When WHY LOVE started back in 2020, the goal was simple: to bring together and empower teenagers to overturn the negative forces in their lives.
It originated as a concept for teens to develop and create original musicals based on their own lives and experiences by The Possibility Project, a program that uses performing arts to empower Brooklyn teenagers — the majority of who are low-income youth — to transform the negative forces in their lives into positive impact.
The teens would meet every Saturday crafting stories in rehearsal to prepare for a performance at The Riverside Theater in May 2020. But when the pandemic put everything on hold, they had to cancel the premiere of the show and pivot to podcasting in order to tell their stories.
For many of the teens in the program, using audio equipment was a learning curve. Two cast members, Megan Perez and Lissenny Florentino, originally felt fear, but eventually got comfortable using their voices to express their written feelings.
“It was an interesting process at first because it was something I’d never done before, but I felt a lot less fear doing it with a group of amazingly talented people,” ” Perez said.
“We were all expecting the show to be on stage, so this was something different, but I was really happy with the outcome.”
At the start of the program, the castmates spend time doing activities with each other and sharing their life stories. “It becomes emotional for the entire cast,” Florentino said. “We create a strong bond, which later leads us to enjoy ourselves more when we’re creating the actual show.”
After sharing stories and concepts, the castmates came together to write. But while their stories are based on each other’s lives, they never play their own roles, instead embodying the essence of various characters.
The podcast follows five stories: Lauryn and Davinci, a couple struggling with their relationship and their home lives; Jasmine, a granddaughter dealing with her grandmother’s mortality; Maria, a young woman trying to come to terms with the patterns of abuse in her life; Aster and Lotus, two friends whose families are poor and struggling to survive; and Quinn, the oldest sibling in a family with an abusive father.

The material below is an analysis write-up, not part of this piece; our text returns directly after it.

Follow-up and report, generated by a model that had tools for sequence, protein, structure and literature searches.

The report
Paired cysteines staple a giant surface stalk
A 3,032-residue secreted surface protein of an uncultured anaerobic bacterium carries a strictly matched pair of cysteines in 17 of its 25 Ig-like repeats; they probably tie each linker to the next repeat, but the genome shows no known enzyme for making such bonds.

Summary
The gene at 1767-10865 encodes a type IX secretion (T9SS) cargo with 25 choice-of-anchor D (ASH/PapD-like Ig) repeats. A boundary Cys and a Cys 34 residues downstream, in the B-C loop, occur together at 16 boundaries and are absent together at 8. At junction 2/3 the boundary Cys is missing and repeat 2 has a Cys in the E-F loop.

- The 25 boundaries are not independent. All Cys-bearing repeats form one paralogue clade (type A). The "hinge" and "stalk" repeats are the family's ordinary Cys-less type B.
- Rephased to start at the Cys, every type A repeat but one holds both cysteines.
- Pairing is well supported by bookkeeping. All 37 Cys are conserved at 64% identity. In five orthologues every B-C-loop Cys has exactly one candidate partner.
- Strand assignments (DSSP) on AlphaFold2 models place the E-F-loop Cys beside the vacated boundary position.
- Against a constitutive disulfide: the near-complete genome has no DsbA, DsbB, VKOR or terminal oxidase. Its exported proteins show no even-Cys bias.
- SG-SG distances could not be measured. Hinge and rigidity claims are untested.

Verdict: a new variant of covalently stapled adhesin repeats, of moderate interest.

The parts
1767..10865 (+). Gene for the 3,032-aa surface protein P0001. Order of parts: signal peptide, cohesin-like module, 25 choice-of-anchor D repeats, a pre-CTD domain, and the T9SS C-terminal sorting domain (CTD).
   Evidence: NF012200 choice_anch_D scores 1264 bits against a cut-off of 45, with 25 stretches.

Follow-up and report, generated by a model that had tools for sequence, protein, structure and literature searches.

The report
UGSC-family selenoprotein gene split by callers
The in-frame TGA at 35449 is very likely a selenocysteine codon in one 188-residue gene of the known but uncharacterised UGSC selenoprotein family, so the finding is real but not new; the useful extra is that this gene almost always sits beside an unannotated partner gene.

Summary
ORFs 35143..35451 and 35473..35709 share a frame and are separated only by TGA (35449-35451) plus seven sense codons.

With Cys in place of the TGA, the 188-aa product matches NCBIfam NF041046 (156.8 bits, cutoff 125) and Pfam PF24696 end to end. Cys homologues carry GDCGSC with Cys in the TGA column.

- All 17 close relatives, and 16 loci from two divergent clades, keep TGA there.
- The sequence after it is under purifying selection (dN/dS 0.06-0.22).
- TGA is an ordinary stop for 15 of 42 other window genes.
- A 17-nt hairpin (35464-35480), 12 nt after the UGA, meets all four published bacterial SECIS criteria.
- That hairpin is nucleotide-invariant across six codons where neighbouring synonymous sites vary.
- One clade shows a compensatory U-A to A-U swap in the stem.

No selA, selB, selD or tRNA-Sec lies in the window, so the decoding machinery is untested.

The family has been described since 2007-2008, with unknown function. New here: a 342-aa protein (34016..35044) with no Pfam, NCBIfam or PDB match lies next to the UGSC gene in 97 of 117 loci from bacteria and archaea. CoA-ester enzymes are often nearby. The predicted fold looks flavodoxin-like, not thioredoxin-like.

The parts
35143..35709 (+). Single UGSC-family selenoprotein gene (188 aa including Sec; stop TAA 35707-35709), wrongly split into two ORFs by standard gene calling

The stories aren’t just an outlet for the youth, they can be a positive influence on other young people struggling with their own personal issues in private, Perez said.
“It can feel very isolating, not only physically but emotionally,” Perez said. “Nobody understands how difficult it can be, so our show is trying to give a hug to the people that are going through these things and be like you’re not alone.”
That is the theme of WHY LOVE: to focus on the concept of love and how a world devoid of it can have a detrimental impact.
“We want people to understand that love is important and why we need it in our lives,” Florentino said.
The Possibility Project Founder and President Paul Griffin said the teens were looking at the concept of love and the meaning of that “in a world where there’s a lot of corruption, violence, conflict and racism.”
“It’s a conversation around the question of what’s the point of love?” he said.
Griffin added that he wanted the teens to know there was a way to resolve the conflicts and overcome the obstacles they faced — and that they can’t do it alone.
“They’re going to need support, and I want general audiences to understand how powerful and talented and amazing young people are when they’ve been given the time and space to shine.”
The Possibility Project has three programs: the Saturday program (open to all youth), the Foster Care Program for foster care youth, and the Youth Justice Program for court-involved youth. You can listen to the WHY LOVE podcast on Spotify, Apple Podcasts, Google Podcasts, and other platforms.
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